So, it simply must be that education is more about clearing hurdles and demonstrating seniority. I stuck it out for a full sixteen years, so I get a cubicle, while you're stuck working on cars. But that guy over there stuck it out for eighteen years, and so he gets an office window, and he gets to tell me what to do despite the fact that he knows less than I do and has less actual work experience. (The really funny thing is that the guy working on cars has all the skills he needs to start his own business and beat the rest of us in the rat race. But assuming the education lobby is powerful enough, he'll never be able to raise enough money to get his business off the ground.)

Outside The Traditional Workforce
I've long believed that the art and music worlds are hopelessly corrupt. Success is by-invitation-only. Why else do you think that Taylor Swift is a superstar at the exact moment in history when any genius with a laptop webcam can upload his genius to YouTube and entertain millions upon millions of people at the touch of a button?

No, this isn't just sour grapes. I'm not talking about me. I know I'm an amateur. The point is not about me, it's about why this is more popular than this. Let's not be idiots here, there is no comparison. It's not a matter of "taste." No matter what you personally want to listen to this morning, in a world in which the most artistically skilled rose to the top, that kid who runs the StringsOfPassion YouTube channel would be in the band "Fun" and the music would be a lot more interesting. And you'd still love it, because guess what: The only reason you've even heard of Fun is because they have the marketing machine behind them.

There are thousands of bands that sounded like Fun before Fun got radio airplay. The reason Fun got on the air rather than all those other bands is because someone at the record company got together with someone at the radio programming corporation and they decided that Fun was the band they were going to use to extract art funding from consumers. At least Bieber earned his stripes on YouTube!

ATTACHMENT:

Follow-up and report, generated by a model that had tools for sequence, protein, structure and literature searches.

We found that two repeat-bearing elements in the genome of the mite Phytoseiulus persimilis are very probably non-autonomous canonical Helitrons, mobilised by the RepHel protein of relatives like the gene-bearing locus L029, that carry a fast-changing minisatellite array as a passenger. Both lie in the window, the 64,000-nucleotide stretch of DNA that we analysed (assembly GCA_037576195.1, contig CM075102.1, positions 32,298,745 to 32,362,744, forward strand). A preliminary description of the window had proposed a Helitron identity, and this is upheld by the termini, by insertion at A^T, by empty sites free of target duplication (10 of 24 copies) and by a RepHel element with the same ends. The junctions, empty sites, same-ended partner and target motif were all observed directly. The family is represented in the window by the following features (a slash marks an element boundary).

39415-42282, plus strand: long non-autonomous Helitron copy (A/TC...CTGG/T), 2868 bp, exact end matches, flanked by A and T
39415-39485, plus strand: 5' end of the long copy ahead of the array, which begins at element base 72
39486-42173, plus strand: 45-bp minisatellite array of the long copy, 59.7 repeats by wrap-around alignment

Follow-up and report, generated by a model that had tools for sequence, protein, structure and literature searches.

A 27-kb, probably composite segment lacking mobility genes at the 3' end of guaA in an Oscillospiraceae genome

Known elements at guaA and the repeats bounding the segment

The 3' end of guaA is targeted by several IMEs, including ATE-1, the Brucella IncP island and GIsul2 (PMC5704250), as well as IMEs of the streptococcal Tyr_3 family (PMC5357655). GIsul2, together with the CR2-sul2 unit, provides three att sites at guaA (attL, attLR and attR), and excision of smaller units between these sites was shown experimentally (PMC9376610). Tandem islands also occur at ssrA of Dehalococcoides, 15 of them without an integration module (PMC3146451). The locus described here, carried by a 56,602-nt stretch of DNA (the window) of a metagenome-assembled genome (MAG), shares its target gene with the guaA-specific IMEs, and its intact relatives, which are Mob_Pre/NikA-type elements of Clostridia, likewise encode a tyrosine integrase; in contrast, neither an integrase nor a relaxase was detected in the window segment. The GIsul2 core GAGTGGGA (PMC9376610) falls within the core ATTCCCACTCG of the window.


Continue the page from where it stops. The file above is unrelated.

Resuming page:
Of course, in art, the game runs a little differently. Newcomers are welcomed into the fold without having to adhere to a seniority scheme. But this is mainly because music and art scenes in general are most attractive to younger markets, so they need fresh faces to come along and make you forget about the fact that Bono and Sting are a bit too old to make you want to remove your bra and throw it at them. Hence: Fun.

Anyway, instead of running a seniority game, the art world runs its own sort of internal popularity contest. You get to be on top if you convince enough of your fellow artists that you're "cool." Suck-up to the right people, and you get to have your art displayed in the local gallery, as opposed to just on DeviantArt. Suck-up to the right people and you get to play Friday at the House of Blues instead of Saturday nights at the Fusion Bar & Grill. That's really how it works - I've seen awesome bands playing in dive bars. They only get the good gigs if they (1) join the local musicians' union, and (2) "have connections."

Those aren't scare-quotes, they're real quotes. Musicians really talk about this.

The Point
These all may seem like disparate topics to you, but recall what I wrote the other day about rules versus merit.